Over the years, these developments have led to an increase in the number of qualitative data sets archived in the United Kingdom and other countries. A review of the data sets held by some of the data services across Europe found that the UK Data Service had nearly 1,000 qualitative and mixed-methods collections accessible via its catalog, and the FSD had 177 qualitative data sets; other archives had fewer collections including some with under 10 data sets (Bishop & Kuula-Luumi, 2017). The HERG Archive at the University of Oxford has been reported to contain over 75 collections on different conditions and health-related topics (Ziebland & Hunt, 2014).
While official policies in the United Kingdom have promoted the archiving and formal sharing of qualitative data sets, internationally a number of researchers have carried out qualitative secondary studies using data from two other sources. One is through informal data sharing, whereby analysts obtain their data directly from other researchers. The primary researchers who collected the data may or may not be involved in the secondary analysis as a collaborator or in an advisory capacity. Single or multiple data sets may be shared and reused in full or in part, depending on the aims and scope of the secondary research. The other source is analysts’ own data collections. In secondary studies based on these data, sole researchers or whole teams may reuse data from their previous research to investigate new questions or to follow up emergent themes from the primary work.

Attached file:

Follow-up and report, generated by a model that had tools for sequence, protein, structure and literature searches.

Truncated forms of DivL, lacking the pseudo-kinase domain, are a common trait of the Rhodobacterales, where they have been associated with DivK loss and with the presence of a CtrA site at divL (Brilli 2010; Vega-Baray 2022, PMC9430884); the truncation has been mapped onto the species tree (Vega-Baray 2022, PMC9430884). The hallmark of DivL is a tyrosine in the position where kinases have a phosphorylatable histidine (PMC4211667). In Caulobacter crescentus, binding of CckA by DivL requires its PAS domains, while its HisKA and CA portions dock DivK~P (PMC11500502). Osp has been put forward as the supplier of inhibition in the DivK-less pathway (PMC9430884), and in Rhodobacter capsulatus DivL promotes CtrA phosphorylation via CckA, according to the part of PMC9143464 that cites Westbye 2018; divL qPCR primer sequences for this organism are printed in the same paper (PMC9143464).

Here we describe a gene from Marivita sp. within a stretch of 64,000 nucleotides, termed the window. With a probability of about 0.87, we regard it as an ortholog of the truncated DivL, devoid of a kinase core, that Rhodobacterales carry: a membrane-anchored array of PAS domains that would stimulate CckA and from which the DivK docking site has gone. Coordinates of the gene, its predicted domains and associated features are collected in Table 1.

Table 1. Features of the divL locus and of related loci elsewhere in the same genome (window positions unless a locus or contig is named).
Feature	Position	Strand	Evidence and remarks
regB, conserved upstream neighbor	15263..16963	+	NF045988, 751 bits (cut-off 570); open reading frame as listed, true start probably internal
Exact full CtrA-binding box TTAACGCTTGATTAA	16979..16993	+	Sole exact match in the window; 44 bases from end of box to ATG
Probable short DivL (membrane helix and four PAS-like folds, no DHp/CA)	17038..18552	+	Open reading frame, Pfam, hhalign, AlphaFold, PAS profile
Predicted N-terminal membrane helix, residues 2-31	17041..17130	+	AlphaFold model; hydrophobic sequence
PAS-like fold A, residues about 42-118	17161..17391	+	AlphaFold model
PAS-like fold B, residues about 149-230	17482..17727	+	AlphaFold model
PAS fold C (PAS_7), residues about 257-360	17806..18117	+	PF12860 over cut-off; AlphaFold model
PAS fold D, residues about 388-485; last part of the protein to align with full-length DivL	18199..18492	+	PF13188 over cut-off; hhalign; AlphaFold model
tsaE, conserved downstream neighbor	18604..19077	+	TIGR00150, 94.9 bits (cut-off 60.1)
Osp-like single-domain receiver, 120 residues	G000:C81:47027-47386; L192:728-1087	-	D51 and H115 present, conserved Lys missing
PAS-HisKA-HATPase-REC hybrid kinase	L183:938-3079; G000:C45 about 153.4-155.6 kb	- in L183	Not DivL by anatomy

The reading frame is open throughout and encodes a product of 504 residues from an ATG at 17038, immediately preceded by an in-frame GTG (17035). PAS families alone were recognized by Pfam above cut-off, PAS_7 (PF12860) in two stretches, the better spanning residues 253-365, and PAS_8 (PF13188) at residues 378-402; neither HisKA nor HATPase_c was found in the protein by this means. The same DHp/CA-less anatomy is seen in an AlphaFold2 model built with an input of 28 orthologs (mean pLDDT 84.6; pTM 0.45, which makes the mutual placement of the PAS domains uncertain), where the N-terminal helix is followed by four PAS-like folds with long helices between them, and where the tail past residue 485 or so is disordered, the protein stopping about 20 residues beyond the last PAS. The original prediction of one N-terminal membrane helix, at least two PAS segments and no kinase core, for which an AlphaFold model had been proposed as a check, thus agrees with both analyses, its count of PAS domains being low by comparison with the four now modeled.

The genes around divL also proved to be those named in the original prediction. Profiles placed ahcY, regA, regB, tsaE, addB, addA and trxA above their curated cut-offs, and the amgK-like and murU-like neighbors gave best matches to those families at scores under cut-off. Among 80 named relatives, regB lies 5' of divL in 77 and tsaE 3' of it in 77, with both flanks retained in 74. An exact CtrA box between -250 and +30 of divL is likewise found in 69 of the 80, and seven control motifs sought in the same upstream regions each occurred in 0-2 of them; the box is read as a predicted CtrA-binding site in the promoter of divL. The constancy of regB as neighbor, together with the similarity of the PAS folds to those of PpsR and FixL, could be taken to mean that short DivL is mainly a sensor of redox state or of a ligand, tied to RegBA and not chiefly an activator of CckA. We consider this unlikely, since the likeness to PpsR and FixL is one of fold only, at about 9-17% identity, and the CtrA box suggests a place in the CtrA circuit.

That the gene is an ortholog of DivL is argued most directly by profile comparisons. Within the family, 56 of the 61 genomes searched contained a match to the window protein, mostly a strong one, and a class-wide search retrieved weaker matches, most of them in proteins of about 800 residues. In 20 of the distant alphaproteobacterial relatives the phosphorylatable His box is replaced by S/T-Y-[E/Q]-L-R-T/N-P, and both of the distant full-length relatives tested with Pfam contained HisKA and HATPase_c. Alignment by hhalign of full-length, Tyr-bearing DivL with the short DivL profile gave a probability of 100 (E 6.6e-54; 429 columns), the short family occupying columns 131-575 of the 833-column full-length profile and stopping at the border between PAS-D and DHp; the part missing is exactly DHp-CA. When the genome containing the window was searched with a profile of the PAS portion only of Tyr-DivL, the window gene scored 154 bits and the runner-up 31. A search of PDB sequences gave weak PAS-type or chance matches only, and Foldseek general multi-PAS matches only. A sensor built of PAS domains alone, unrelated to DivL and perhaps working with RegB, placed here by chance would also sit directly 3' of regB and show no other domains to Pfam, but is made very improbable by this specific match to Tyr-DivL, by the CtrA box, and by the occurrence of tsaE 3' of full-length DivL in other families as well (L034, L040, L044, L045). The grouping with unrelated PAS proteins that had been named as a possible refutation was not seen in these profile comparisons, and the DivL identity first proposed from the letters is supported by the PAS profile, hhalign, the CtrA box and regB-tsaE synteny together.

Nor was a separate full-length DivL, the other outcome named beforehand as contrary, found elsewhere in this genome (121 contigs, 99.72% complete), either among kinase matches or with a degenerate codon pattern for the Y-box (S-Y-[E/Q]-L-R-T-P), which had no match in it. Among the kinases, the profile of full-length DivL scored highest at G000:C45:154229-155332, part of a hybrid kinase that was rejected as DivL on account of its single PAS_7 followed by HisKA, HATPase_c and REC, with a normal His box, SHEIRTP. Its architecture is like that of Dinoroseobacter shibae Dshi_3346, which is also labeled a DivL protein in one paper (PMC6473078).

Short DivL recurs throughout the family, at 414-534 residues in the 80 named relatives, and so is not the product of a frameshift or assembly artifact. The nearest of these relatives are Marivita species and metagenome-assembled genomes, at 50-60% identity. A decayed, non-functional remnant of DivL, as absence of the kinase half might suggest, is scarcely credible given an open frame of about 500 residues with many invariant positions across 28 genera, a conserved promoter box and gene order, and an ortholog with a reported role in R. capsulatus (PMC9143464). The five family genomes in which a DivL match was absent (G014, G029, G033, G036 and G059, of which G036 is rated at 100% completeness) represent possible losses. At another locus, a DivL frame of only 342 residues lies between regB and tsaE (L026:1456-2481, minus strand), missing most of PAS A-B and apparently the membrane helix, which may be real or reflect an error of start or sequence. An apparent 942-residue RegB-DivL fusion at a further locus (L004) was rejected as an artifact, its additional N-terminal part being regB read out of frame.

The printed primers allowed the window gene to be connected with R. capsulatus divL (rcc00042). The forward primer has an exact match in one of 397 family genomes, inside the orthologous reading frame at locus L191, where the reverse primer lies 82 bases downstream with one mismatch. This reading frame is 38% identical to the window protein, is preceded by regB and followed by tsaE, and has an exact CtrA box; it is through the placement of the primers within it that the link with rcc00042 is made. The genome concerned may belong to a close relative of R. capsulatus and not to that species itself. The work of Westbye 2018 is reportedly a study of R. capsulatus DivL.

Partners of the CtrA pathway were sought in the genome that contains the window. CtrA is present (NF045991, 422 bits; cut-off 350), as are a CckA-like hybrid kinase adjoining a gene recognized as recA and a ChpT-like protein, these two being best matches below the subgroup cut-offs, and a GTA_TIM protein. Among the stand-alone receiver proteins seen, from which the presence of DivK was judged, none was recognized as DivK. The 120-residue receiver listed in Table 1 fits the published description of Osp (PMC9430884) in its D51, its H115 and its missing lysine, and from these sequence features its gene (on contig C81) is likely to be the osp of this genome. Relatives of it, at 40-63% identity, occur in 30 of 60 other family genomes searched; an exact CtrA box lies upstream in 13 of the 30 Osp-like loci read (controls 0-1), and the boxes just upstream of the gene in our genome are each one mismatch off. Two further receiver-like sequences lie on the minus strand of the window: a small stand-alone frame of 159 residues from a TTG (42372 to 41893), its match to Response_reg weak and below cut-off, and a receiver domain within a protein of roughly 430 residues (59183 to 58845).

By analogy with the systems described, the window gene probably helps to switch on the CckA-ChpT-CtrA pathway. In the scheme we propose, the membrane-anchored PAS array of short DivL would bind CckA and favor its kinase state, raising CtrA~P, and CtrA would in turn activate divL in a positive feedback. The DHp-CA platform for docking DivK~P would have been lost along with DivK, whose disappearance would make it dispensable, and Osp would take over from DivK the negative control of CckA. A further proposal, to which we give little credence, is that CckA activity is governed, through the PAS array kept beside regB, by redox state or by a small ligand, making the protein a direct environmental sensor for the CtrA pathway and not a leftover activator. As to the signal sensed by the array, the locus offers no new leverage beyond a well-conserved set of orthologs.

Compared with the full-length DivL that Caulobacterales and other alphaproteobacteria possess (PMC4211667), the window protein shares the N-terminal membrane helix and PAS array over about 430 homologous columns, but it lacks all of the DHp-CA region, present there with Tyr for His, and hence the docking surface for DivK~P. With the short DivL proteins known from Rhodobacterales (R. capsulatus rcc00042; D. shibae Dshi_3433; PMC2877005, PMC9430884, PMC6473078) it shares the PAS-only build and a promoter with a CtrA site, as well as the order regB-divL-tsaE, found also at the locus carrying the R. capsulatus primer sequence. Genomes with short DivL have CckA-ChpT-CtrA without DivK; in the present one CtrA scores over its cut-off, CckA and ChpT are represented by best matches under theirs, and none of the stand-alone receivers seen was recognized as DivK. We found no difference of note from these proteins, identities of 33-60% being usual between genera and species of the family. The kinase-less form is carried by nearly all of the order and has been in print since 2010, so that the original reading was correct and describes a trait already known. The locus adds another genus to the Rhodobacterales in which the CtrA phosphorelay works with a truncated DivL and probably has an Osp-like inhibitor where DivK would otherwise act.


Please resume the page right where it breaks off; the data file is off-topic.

Little is known about the extent to which these three sources of data are being reused in practice. An early review of qualitative secondary studies published in the international health and social care literature, carried out when the archiving of qualitative data sets was in its infancy, identified 65 studies that involved the reuse of existing data sets (Heaton, 2004). The majority were by researchers based in the United States and Canada (n = 51), while the remainder were from the United Kingdom (n = 12), Sweden (n = 1), and pan-Canada/Sweden (n = 1). Of the 65 studies, 9 were by researchers who had no involvement in the primary studies, of which only two were based on data that had been formally archived. The majority of studies (n = 36) were based on data that the researchers had collected themselves. The other studies (n = 20) were carried out by teams using a mix of data assembled from their own work and other sources.